HSBC pointed out that 66 percent of retirees in the UK are inadequately prepared. They expect to live 19 years on average after retirement and expect their savings to last 7 years on average.

Wells Fargo point out that US retirees believe that they need about $800 000 for retirement, but on average retiree total assets are no more than $300 000.

It is interesting to note that most people don’t give their pension statement any attention, in some cases probably because the statement gives pitifully little useful information, but in most cases it’s likely to be ignoring an unpleasant reality.

Sanlam points out that 51 percent of South African retirees can’t make ends meet, 33 percent still have debt and 53 percent support adult dependents.

It is interesting to note that most people don’t give their pension statement any attention, in some cases probably because the statement gives pitifully little useful information, but in most cases it’s likely to be ignoring an unpleasant reality.

Behaviour around denial ranges from benign inattention, to passive acknowledgement, to full-blown, wilful blindness. This is repeatedly evident from the retirement savings research.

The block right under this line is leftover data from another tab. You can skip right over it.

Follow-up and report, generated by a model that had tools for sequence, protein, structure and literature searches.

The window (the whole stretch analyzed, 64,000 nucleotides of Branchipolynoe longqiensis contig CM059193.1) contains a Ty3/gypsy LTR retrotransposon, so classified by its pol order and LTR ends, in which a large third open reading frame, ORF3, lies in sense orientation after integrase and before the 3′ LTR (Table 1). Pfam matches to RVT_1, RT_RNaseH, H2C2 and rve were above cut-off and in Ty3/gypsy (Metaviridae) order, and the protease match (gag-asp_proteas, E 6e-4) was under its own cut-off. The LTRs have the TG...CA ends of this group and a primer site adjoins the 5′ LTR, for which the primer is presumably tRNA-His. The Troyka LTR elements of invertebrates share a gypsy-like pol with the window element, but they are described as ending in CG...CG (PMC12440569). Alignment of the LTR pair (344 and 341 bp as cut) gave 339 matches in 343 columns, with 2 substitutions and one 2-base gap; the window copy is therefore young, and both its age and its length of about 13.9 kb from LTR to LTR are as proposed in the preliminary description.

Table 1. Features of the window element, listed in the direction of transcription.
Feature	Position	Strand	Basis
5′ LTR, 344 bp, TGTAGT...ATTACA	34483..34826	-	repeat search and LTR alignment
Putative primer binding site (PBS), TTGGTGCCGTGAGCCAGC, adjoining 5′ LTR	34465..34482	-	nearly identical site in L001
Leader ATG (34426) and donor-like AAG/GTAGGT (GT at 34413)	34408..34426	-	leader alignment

Wells Fargo concluded the following: you need a plan and you need to periodically retest your assumptions. The two biggest mistakes retirees make are:
– Over-estimating investment returns
– The amount that can safely be withdrawn each year.

People between the ages 55 to 64 have been unrealistic about their pensions and are living in a state of denial about their finances.

So, what went wrong with the retirement savings system? It is now about 30 years since corporates abandoned the defined benefit system – people were living too long, resulting in businesses being responsible for unfunded liabilities in their pension funds.

Thus the corporate world has largely absolved itself of responsibility for its retired employees. This is a global story that spawned a do-it-yourself pension system that was destined to fail.

But, why is failure built into the voluntary, self-directed, commercially-run retirement planning system?

Consider what would have to happen for the do-it-yourself pension system to work for you. You would need to:

1. Know when you will be laid off or be too sick to work